“Last Resort” sounds like a bad 1980s comedy featuring Andrew McCarthy and Jon Cryer as a couple of buddies on the make at a Florida tourist trap.
But no, “Last Resort” is a new TV series on ABC, overseen by the creator of “The Shield,” Shawn Ryan, and starring Andre Braugher and Scott Speedman.
It’s also a pretty nifty hour of television that left me wanting more.
“Last Resort” debuts on ABC on Sept. 27 but it’s available for viewing now on Yahoo. I watched it tonight, prepared to be underwhelmed or at best just whelmed. But, surprisingly, I really, really liked what I saw.
Braugher is Captain Marcus Chaplin, commander of the U.S. Navy nuclear sub Colorado. Speedman is his executive officer, Sam Kendal. As the pilot episode opens, they’re at sea, tasked with rescuing a group of Navy Seals caught in the crossfire of a mission gone south.
The pilot takes a few minutes setting up the friendships and conflicts on the ship, among them the hostile attitude of Chief of Boat Joseph Prosser (Robert Patrick of “Terminator” fame) and the potential for antagonism with the Seals.
But pretty quickly things go from a slow simmer to a rapid boil as the Colorado gets orders to launch four of its 18 nuclear missiles on Pakistan. Chaplin asks Navy commanders for confirmation through other channels and is promptly ordered relieved of command. When Kendal follows suit, another Navy ship fires on them, driving them to the bottom of the ocean.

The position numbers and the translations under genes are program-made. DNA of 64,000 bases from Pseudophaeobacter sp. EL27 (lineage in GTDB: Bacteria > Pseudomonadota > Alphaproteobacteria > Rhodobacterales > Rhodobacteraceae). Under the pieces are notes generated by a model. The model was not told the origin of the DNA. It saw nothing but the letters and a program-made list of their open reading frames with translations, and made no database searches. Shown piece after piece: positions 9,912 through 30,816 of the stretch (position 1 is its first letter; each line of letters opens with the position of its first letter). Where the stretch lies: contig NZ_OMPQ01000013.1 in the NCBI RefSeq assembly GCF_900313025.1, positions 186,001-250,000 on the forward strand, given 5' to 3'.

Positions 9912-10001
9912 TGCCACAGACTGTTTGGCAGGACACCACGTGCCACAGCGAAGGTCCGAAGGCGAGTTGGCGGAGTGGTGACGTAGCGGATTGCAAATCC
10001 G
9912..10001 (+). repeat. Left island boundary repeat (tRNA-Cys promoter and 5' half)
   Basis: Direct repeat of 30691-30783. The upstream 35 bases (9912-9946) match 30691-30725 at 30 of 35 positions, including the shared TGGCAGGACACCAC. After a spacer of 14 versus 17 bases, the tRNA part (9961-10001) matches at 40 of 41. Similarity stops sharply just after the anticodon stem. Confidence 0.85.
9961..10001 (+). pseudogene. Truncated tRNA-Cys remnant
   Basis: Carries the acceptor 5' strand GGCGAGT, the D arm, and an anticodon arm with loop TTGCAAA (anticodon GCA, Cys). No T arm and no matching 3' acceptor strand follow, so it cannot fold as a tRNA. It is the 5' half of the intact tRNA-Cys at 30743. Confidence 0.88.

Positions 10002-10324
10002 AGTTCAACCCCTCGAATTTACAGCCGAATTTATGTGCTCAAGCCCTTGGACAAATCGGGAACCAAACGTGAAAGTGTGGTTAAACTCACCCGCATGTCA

Although the crew is split over the apparent disobedience of the captain and the executive officer, the two have enough support – particularly that of Lt. Grace Shepard (Daisy Betts), daughter of an admiral – to plow ahead and try to figure out what’s happening, especially when the world is told their ship has been destroyed by missiles from Pakistan and another Navy ship has apparently nuked Pakistan in return.
Chaplin and Kendal decide to “park” the Colorado off the coast of the island of Santa Marina, a tropical paradise that’s apparently run by a strong criminal element (foreshadowing of conflict to come? no doubt).
In a bravura monologue at the end, Chaplin sends out a video to the world with a simple message: Until we can figure out what’s going on, stay the hell away or we’ll unleash our nuclear arsenal on your ass.
A few moments of “Last Resort” didn’t ring true, particularly the abrupt “hey this island is nice, maybe we should stay here” moments at the end. But a lot of the show is fast-paced, snappy fun and the performances (by the leads, at least) are first-rate.
We’ll see how future episodes go, but the pilot is equal parts “Hunt for Red October,” “Crimson Tide,” “Star Trek” and “Lost,” with a little soap opera thrown in.
I’m really looking forward to the next episode of “Last Resort.”
But I can’t help but wish they had come up with a different name.
The terse nautical dialogue in “Last Resort” reminded me of what I liked about the chain-of-command-heavy episodes and movies of “Star Trek.”
The scene where a couple of characters strip down to their underwear, all the while spouting plot points, was silly. Really, really silly. And I’m almost certain nobody is going to hear the exposition.
The least believable parts of the pilot were the characters on the island. Here’s hoping the cliched islanders are written as well as the submariners in future episodes.